Behen Hogi Teri Reviews by Critics

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Behen Hogi Teri Review by Bollywood Hungama

Rating: ★★☆☆☆

Director Ajay Pannalal, who makes his cinematic debut with this film surely knows how to create comic moments but fails to narrate a strong story. Though certain scenes and sequences come across as well executed, there are others wherein his lack of experience in capturing the essence of the matter is very evident. If that wasn’t all, there are also parts of the film that come across as stretched and overtly lengthy, especially some that could have well been edited out.

Behen Hogi Teri Review by Nihit Bhave on The Times Of India

Rating: ★★½☆☆

The plot is juvenile to say the least. It is a little disheartening to see a movie that incorporates casual sexism and regressive norms without any plan to combat them. So when a character suggests that he’d rather bury his sister alive than marry her off for love, you want someone to speak up against him; when another character shames Binny for hanging out with boys, you want to hear a smart retort. But then you realize that this movie has no intention of laughing at this mindset. It is, in fact, only catering to those who will find these things funny.

Behen Hogi Teri Review by Sonil Dedhia on Mid-Day India

Rating: ★★☆☆☆

Pannalal, who makes his directorial debut with this project, fails to make the most of the opportunity handed to him, with a convoluted screenplay making this a tiresome watch. Certain subplots are unnecessary and abrupt. The drama runs out of steam soon, and melodrama takes over.

Review by Sweta Kaushal on Hindustan Times

Rating: ★★☆☆☆

Rajkummar Rao brings out the best of the guy-next-door and lifts up Gattu’s character with his wits and mannerisms. Be it convincing Ginni of his love or getting beaten up by his dad, Rajkummar plays to the tune of the film and never misses a beat. There couldn’t have been another actor to fit the role as well. Shruti, on the other hand, looks like she has been picked out of a different universe and placed in the film’s. Gulshan and Ranjeet have rather limited roles but Ninad and Darshan shine through the film, with help from the quirky dialogues.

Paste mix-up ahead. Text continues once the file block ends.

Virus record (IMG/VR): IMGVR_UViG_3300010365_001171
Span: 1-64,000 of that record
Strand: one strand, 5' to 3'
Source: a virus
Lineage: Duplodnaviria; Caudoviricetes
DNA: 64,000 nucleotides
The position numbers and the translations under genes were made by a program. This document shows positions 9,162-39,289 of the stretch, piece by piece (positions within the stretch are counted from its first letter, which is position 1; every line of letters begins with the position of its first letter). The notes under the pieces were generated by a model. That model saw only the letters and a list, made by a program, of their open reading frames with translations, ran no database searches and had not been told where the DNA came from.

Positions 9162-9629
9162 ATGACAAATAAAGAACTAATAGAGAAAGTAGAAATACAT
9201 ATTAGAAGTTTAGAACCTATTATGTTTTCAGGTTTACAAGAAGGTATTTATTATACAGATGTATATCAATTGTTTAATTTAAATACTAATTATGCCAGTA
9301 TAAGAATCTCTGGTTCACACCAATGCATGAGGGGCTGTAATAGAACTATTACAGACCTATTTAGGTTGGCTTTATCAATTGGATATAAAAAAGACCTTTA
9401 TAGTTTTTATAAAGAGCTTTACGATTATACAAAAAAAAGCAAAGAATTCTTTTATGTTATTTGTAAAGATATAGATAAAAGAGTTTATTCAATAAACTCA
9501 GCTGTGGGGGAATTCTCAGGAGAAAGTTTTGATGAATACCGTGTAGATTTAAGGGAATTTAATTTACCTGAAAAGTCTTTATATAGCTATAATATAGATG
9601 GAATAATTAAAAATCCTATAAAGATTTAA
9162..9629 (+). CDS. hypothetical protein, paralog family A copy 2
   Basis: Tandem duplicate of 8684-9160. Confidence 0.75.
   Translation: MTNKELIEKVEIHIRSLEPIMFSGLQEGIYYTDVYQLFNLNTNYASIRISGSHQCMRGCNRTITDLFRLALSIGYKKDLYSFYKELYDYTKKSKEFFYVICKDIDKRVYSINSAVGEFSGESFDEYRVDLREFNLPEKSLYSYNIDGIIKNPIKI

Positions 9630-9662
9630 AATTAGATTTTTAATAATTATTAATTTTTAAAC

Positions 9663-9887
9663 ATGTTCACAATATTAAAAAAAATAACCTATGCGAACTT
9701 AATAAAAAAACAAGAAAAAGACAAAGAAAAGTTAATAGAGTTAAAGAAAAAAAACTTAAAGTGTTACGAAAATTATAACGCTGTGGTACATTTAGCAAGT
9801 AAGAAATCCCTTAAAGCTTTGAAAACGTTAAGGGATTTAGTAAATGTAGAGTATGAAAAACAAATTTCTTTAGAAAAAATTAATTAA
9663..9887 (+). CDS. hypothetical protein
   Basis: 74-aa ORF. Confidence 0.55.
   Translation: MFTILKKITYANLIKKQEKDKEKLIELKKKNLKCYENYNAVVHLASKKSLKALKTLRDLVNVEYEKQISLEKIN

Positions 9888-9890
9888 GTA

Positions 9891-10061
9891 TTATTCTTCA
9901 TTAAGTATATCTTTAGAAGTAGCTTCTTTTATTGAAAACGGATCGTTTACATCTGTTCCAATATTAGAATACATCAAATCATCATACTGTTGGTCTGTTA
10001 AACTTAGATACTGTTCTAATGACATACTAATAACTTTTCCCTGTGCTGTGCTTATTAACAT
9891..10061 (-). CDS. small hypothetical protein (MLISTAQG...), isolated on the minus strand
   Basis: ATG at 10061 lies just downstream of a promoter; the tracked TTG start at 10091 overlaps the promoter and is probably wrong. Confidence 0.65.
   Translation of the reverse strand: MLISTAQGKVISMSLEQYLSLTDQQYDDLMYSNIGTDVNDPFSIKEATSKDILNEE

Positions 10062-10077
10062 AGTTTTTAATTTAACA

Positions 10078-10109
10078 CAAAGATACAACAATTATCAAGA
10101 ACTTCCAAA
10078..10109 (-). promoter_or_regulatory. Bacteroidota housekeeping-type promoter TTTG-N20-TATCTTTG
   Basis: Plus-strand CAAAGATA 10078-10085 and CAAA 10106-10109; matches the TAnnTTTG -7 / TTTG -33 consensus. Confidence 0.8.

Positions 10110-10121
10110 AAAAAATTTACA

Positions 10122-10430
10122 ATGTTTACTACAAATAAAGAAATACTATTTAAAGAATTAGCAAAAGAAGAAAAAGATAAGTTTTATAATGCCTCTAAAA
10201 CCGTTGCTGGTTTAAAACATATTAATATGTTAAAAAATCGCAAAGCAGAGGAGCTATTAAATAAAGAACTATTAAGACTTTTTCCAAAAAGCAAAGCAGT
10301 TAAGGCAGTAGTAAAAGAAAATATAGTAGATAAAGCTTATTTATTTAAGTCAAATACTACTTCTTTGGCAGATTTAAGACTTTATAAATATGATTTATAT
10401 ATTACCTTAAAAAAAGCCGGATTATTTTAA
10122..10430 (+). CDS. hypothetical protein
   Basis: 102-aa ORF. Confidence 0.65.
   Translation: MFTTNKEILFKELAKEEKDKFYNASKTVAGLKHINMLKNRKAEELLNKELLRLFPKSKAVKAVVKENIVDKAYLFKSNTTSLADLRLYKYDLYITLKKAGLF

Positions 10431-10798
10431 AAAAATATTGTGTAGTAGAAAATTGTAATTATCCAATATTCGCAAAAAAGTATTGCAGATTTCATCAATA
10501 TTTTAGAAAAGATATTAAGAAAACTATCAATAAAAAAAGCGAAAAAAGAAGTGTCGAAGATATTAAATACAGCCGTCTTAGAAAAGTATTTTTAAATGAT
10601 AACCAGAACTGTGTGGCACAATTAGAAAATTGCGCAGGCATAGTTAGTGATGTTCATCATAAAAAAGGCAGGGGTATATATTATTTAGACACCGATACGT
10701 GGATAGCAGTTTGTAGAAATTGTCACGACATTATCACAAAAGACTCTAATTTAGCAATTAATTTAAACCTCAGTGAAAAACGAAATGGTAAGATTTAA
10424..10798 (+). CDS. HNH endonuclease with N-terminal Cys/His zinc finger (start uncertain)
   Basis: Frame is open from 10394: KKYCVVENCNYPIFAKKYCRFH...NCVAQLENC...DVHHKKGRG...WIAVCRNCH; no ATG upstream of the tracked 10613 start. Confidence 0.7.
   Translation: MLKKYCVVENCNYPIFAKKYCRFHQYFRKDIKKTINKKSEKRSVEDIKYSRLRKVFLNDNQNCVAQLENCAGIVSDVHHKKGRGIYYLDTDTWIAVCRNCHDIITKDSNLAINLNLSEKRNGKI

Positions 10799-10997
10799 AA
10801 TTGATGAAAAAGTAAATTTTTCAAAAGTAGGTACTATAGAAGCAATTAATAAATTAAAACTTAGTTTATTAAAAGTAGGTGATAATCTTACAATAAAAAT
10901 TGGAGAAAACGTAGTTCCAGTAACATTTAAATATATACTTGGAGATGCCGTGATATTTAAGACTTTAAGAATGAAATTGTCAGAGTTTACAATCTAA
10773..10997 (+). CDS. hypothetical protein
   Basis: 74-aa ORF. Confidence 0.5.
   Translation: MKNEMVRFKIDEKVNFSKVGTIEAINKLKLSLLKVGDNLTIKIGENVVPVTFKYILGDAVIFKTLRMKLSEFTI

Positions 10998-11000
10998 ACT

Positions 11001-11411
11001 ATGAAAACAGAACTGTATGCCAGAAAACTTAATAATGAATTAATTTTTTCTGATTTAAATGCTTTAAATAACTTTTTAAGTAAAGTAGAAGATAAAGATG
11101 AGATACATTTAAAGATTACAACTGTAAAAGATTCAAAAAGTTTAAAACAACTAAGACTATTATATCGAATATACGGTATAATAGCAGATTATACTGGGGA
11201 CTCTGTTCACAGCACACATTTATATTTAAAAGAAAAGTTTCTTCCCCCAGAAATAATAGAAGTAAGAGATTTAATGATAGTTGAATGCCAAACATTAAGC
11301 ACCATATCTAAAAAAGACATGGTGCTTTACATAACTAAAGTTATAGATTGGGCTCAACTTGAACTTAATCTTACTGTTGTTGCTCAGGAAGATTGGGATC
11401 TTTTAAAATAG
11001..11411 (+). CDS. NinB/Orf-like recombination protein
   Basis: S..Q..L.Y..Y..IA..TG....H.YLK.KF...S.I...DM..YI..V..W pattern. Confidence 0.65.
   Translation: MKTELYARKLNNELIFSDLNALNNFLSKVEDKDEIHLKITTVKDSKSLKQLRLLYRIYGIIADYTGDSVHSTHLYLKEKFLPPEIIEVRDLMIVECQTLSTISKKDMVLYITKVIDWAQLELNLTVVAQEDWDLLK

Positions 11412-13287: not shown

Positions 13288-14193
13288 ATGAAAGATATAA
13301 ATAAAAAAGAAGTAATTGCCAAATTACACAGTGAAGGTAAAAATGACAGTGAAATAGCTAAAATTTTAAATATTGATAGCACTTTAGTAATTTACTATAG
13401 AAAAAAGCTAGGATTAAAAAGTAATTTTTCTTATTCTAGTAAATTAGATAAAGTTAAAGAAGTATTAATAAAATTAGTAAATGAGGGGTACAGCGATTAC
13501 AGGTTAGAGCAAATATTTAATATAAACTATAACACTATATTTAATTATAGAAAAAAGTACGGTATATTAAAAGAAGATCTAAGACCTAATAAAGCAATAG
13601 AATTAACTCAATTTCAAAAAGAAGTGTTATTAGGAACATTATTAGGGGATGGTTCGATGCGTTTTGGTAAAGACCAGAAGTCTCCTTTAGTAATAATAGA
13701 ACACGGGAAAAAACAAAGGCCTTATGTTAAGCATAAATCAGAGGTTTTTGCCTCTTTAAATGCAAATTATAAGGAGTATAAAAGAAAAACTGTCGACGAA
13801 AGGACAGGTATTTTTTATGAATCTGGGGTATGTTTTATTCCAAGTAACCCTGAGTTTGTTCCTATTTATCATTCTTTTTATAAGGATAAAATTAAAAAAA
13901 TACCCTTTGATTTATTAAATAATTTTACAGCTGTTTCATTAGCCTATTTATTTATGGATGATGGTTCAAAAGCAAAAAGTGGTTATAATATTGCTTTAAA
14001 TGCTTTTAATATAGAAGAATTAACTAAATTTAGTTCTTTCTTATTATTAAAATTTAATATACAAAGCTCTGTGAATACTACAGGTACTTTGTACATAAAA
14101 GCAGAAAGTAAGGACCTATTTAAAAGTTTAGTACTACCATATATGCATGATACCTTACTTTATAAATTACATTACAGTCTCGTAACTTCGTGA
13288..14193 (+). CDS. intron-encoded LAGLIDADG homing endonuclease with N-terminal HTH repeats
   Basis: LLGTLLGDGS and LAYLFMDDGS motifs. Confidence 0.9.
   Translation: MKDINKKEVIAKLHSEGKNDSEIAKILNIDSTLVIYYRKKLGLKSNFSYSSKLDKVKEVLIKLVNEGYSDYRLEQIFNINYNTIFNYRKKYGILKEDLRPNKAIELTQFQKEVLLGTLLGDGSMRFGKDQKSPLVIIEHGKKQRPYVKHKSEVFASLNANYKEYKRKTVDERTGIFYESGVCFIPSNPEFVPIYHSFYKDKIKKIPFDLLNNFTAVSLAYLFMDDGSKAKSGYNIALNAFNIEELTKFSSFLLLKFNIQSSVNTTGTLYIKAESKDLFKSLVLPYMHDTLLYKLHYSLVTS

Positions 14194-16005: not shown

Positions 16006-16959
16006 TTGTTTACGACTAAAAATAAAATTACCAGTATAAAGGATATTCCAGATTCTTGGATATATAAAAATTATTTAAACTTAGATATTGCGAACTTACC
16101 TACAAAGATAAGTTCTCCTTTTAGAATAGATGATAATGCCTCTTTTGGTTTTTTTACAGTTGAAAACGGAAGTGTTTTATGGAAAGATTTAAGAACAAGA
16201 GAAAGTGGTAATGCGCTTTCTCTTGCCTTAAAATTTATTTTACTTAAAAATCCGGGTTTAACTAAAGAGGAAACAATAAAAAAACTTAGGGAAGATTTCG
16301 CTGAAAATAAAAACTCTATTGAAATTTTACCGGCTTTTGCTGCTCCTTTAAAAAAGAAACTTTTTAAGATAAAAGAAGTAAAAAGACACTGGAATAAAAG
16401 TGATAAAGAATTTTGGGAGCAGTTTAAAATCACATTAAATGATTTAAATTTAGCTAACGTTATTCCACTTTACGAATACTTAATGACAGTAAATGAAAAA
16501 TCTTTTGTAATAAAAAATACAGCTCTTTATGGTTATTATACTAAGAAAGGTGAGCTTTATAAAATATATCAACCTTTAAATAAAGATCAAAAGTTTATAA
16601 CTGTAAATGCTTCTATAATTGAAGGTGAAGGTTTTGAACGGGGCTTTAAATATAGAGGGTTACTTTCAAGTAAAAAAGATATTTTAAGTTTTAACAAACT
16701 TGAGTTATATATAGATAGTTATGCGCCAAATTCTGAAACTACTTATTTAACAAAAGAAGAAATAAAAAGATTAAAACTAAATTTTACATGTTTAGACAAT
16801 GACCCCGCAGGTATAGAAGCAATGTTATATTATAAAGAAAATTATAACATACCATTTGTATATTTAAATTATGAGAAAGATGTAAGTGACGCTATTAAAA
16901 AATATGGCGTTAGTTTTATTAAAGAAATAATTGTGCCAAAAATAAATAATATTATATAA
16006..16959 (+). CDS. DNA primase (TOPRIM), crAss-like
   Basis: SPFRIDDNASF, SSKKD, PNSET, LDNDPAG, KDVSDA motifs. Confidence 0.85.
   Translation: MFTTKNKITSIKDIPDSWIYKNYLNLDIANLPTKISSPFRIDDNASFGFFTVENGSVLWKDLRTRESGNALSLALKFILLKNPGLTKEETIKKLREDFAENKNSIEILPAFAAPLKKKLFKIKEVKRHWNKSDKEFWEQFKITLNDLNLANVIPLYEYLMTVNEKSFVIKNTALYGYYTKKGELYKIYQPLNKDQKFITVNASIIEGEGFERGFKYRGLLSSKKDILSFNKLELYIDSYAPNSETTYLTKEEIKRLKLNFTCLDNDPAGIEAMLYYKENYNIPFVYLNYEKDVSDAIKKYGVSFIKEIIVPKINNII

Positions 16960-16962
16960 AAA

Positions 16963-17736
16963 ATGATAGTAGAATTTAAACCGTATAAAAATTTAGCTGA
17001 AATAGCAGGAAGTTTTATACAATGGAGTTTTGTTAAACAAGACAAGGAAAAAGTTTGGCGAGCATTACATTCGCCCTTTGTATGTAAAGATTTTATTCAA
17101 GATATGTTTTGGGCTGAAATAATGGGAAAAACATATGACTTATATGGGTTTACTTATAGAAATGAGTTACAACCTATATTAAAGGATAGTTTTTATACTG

Review by Kunal Guha on Mumbai Mirror

Rating: ★★½☆☆

If there’s one reason to catch this film, it has to be for Rajkummar Rao. The actor, who has largely restricted himself to character-driven indie films, single-handedly carries this comedy with equal sincerity. In every frame, he delivers on his character’s fears, frustrations and relentless pursuit for love. Shruti Haasan’s contribution to cinema could be compared to Lata Mangeshkar’s to football and the actor does little to elevate this film when it goes south in the second half. Cameos by Bollywood baddies such as Gulshan Grover and Ranjeet don’t contribute or take away from the mood this film hopes to evoke.

Review by Saibal Chatterjee on NDTVMovies

Rating: ★★☆☆☆

The quality of the acting is uneven, especially when compared to the steady performance from the unwavering Rao. Watch Behen Hogi Teri only if you think a one-man show is good enough to offset the drudgery of a two-hour trudge through a maze of inanities.

Review by Sreeju Sudhakaran on Bollywood Life

Rating: ★★★☆☆

Behen Hogi Teri may not be as funny as the trailer has promised us, thanks to a sluggish second half and weak female characters. Nevertheless, it is still an entertaining watch, with all due credit to Rajkummar Rao’s terrific performance, a great supporting cast and some really funny scenes. It may not be the comedy of the year, but Behen Hogi Teri doesn’t end up being a decent time pass flick, that you can surely enjoy if you can overlook the flaws.

Review by Prasanna D Zore on Rediff

Rating: ★★½☆☆